Some of the most prominent complement mediated diseases in present time with approved drugs are paroxysmal nocturnal hemoglobinuria (PNH) and atypical hemolytic uremic syndrome (aHUS). The most notable drugs approved for these areas are eculizumab and ravulizumab (Alexion Pharmaceuticals), which target the C5 protein (the terminal complex). These medications are intravenous medications that need to be given at various frequencies, however not all patients respond. As such, BioCryst hopes to develop BCX9930 as an alternative agent with a different target.
So far, BCX9930 has shown promising activity in treatmetn naive PNH patients in their phase 1 trial. They continue to work on optimizing the dosing an frequency, with the potential to obtain an oral, once daily pill. There is limited data to discuss so far, as we have only seen data in 3 patients, but BioCryst will be proceeding to higher doses, and an additional cohort with patients who have had poor responses to C5-inhibitor antibodies. These results are expected by the end of 2020. As this program is in the early stages of development, it will be several years till approval will be discussed. However, this does not exclude the potential for any licensing deals in the interim. Furthermore, as it is early, it is hard to speculate where this drug may fit into the treatment paradigm for PNH. I would speculate in these early days that the most likely treatment area will be patients with poor responses to C5-inhibitors. Currently, ravulizumab only requires dosing every 8 weeks, which is not as inconvenient as eculizumab, which requires doses every 2 weeks. As such, the oral convenience factor of BCR9930 differs from the convenience that could be realized by berotralstat.
For the first quarter of 2020, BioCryst recorded $4.8 million in revenue, with research and development expenses of $29.9 million. The selling, general, and administration expenses were $15.9 million, which is increased in preparation for commercialization and medical affairs. The arbitration award from the SUL dispute was also recognized in this quarter. The net loss for the first quarter was $37.6 million (operating cash use was $23.2 million). At the end of the quarter, BioCryst had $114.6 million. This balance was then increased with an offering that raised $115 million before underwriting discounts and commissions. Thus, BioCryst has strengthened the balanced sheet with an estimated >$200 million. It will be a balance to see how revenue and expenses balance in the coming quarters, as expenses are likely to rise with BCX9930 develop and commercialization of berotralstat, while approvals will lead to milestones and revenue generation. This is in addition to what comes of the returned peramivir rights.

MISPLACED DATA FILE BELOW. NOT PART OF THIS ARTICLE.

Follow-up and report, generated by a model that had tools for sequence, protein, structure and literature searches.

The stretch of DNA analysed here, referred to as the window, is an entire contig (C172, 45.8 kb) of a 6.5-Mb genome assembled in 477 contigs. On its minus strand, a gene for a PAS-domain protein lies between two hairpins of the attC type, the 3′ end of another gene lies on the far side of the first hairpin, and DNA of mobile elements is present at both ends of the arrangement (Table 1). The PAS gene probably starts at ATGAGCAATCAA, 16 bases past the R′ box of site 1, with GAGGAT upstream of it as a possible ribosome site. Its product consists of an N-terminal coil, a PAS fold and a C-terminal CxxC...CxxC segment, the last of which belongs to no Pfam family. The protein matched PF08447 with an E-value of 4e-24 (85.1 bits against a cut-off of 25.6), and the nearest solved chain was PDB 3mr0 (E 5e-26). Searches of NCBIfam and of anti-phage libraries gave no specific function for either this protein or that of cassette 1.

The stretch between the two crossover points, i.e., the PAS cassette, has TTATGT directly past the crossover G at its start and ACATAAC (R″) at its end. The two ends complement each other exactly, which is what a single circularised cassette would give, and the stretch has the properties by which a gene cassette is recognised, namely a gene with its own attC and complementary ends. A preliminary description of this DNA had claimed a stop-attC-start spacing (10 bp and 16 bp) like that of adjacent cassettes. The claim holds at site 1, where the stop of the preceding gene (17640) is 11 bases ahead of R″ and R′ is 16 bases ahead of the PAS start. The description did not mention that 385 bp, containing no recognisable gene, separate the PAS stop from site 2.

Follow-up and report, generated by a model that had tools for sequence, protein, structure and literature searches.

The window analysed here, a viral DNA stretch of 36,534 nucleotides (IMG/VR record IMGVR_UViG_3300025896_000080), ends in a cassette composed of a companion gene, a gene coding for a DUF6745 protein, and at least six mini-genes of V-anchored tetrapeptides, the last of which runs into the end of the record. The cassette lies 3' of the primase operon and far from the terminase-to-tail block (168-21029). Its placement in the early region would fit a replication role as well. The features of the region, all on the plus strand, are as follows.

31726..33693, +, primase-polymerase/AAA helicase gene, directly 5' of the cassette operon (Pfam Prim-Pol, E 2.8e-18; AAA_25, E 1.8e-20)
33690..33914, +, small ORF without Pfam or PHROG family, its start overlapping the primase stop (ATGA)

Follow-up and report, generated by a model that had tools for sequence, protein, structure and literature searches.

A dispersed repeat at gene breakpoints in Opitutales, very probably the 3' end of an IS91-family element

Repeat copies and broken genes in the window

With a strong balance sheet, an approved product, a product under review, and an innovative early stage candidate, its hard to not like BioCryst. Furthermore, all of this doesn’t even account for any catalysts from galidesivir for the treatment of COVID-19. Now that the offering has closed, there are several catalysts to watch for in the second half of 2020 including: COVID-19 updates (galidesivir), BCX9930 higher dose data in treatment naive PNH, BCX9939 data in treated PNH patients, BCX9250 FOP data (2H2020), berotralstat approval in Japan ($20 million milestone), and approval in the United States (December).
This is in no form a recommendation to buy/sell securities.
I/we long BCRX